“Are we all set?” the driver asked the conductor, to which the portly man answered with a nod. The driver then turned the engine on, and navigated away from the terminal.
This surprised the lone passenger as there are still people waiting behind him.
“Boss,” he called out to the conductor. “Aren’t we waiting for the bus to fill up?”
“They aren’t going the same direction as you are, anyway,” answered the conductor while he was busy scribbling notes on his little notepad.
The man then assumed that the bus would just pick more passengers up at the stops they would be passing through.
He settled on that conclusion, and sank back in his chair and turned his attention to the movie playing on the TV mounted at the front of the bus.
It was showing a tiny patch of light which was slowly growing and growing until there was a blinding flash, and the sound of a crying infant filled the room. When the flash subsided, doctors wearing protective masks and medical gowns were visible.
“It’s a boy,” they declared.
It was then that he realized that he had just watched a birth scene, and it was from the baby’s point-of-view. The infant was then handed to his waiting arms of the mother, who, despite her fatigue from her labor, did her best to portray the immense joy she felt through her lips.
The man turned away from the movie for a quick second, slid the curtains away and checked outside to see how much longer the trip would go.
“WHAT THE HELL?!” he exclaimed out loud as he saw the San Isidro Hospital. Seeing the said hospital means he is nowhere near where he needs to be.
“Where are you taking me?” he shouted his question to the conductor, who was watching the movie quite intently.
“This is just a detour. We’ll get there, promise,” answered the conductor, without turning away from the TV.
Seeing that as a plausible explanation, he returned to the movie. It showed the child’s mother holding him while the father examines the baby’s features.
“He’s got my eyes!” whispered the father.
“You can have the eyes,” whispered the mother back. “He’s got everything else from me, anyway,”
The father squinted his eyes and his expression turned into one of surprise.
“Hey! No fair! He’s got everything from you!” said the father out loud.
“Shh!” the mother scolded the father, as she put a finger to her lips.
“Oops, sorry,” the father returned to whispering. “What shall we name him?”
“Edison,” whispered the mother, as a tear fell from her eye. “We’ll name him after my late uncle. Oh, how happy he would be if he was here,”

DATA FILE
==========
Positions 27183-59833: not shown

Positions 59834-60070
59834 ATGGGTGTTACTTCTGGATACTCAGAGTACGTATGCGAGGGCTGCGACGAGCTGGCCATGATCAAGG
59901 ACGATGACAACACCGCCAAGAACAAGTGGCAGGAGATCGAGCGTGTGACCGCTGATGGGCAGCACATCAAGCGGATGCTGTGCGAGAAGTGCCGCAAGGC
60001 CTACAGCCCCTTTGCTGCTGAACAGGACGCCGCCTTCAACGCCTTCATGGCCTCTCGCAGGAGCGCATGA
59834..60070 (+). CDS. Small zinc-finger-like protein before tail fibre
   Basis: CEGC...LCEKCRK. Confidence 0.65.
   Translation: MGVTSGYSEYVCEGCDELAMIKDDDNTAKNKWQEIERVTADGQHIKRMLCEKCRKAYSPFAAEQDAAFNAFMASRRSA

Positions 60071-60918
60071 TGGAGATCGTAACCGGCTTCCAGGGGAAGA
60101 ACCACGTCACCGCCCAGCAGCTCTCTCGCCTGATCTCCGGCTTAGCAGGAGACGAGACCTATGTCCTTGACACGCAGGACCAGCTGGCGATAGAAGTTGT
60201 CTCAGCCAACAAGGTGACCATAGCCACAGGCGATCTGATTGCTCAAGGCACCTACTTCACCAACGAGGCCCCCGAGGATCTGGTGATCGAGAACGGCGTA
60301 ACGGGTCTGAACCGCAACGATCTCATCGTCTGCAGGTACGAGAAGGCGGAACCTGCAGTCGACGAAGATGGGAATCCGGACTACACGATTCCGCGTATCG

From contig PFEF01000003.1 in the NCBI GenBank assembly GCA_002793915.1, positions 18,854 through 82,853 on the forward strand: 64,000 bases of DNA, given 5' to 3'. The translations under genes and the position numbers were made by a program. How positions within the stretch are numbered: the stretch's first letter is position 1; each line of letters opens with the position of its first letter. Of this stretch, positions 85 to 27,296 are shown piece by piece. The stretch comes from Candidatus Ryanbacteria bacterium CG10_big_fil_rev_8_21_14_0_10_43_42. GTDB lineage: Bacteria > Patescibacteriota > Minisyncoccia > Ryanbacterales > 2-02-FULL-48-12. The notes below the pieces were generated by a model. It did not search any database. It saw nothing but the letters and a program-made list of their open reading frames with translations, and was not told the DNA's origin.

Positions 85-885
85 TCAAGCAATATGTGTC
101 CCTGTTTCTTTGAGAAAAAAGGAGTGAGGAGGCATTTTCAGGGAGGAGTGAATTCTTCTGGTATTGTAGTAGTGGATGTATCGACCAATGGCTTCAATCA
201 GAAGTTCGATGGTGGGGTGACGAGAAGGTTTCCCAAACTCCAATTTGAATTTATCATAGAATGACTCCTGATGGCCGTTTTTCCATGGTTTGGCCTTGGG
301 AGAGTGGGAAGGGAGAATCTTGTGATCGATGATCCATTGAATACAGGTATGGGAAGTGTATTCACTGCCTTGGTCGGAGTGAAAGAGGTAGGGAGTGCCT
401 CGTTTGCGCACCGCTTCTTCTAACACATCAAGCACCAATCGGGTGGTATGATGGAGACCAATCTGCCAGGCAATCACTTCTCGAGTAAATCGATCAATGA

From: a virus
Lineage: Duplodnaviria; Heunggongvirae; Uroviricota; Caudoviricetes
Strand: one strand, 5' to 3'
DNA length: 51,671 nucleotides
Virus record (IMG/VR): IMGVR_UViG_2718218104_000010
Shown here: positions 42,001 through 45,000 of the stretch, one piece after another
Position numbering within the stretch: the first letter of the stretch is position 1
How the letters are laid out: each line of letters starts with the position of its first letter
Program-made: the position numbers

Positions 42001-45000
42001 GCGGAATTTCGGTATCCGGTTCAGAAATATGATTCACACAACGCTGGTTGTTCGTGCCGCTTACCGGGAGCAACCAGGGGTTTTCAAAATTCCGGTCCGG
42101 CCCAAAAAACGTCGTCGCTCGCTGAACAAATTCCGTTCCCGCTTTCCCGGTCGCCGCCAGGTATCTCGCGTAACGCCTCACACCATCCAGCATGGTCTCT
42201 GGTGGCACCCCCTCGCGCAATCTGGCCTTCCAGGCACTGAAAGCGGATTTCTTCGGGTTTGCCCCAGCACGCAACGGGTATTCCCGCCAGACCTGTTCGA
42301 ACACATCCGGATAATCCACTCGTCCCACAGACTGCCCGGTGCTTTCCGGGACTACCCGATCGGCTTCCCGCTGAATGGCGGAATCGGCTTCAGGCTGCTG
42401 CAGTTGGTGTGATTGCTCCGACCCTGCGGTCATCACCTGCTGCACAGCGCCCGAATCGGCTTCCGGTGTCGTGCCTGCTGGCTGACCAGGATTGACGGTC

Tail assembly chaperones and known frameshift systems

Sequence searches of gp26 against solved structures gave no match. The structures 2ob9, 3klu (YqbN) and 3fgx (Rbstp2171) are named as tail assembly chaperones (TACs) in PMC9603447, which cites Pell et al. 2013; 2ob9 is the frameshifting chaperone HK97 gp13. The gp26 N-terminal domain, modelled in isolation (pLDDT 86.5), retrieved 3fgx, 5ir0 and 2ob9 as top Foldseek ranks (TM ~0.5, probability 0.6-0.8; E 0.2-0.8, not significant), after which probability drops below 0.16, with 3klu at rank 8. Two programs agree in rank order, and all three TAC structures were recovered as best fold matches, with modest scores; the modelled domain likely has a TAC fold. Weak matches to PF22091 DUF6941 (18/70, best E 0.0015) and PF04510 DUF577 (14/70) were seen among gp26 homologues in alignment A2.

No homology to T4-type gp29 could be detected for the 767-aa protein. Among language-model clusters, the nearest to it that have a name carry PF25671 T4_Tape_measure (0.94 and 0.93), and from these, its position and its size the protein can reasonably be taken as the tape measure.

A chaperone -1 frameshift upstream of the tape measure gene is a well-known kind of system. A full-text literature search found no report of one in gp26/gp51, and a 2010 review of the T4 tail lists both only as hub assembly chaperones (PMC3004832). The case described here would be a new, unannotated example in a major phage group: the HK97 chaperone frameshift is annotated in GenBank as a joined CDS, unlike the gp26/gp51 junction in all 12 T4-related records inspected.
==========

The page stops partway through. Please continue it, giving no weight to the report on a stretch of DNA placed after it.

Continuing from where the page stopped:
“He is,” said the father, stroking his wife’s hair and kissing her in forehead.
“Edison…my son,” muttered the proud father, and he kissed his son.
Amused as he was to hear that the child had been given the same name as his, he also found it amusing to see that the hospital where the movie was shot was the one they just passed by, as evident on the mother’s hospital gown.
The scene then cuts to a park, where the mother and father were playing with their kid, who is nearly a year old by then. The giggling baby boy was trying to chase his dad with wobbly steps. His run was going relatively smoothly, when suddenly; he stumbled and fell flat on the soft grass. The sound of laughter changed into the sound of the baby’s cries. The father and mother hurriedly rushed to their son’s side and helped him up. They checked the baby for scratches, and when they found none, the father hoisted his son up in the air, and the baby’s laughter returned; gleeful as ever.
The next scene was in a kitchen, where the baby was being fed by his father, while the mother was washing the dishes. Suddenly, a plate crashed and the father rushed to his wife, carrying his son. When he got to the kitchen, he saw his wife writhing in pain.
Fast forward to a hospital, the family was seated behind a doctor’s table. The father’s face was just as sallow as the mother’s.
“Mrs. Ramirez,” began the doctor. “The cancer has spread throughout your body. I’m afraid…you do not have much time left,”
Husband and wife held each other tightly, tears streaming freely down their cheeks.
“What about chemotherapy? Radiation therapy? I’m sure there is still something we can do!” the husband blurted out.
“The chemotherapy... could help add a few… weeks to her time…” the doctor said, trying his best to pick the better words.
“How long do I still have?” asked the wife bluntly, implying that she needs a straight answer.
“Three months. Four, tops. I’m very sorry, Mr. and Mrs. Ramirez,”
Upon hearing this, the father wailed loudly and held his beloved tight. His wife, trying to be brave, bit back her tears and stroked his husband’s hair. The mother then grabbed her child and sang him a song, still fighting back the tears.
The scene then cut back to the same kitchen, but in this scene, it was in disarray. The child was crying loudly, but the sound never reached the father’s ears, who was just staring at a framed photograph of his wife. Day by day, this scene went on; until one day, the father was found on the floor, eyes closed, mouth stretched in a weak smile, with his beloved’s photo upon his heart.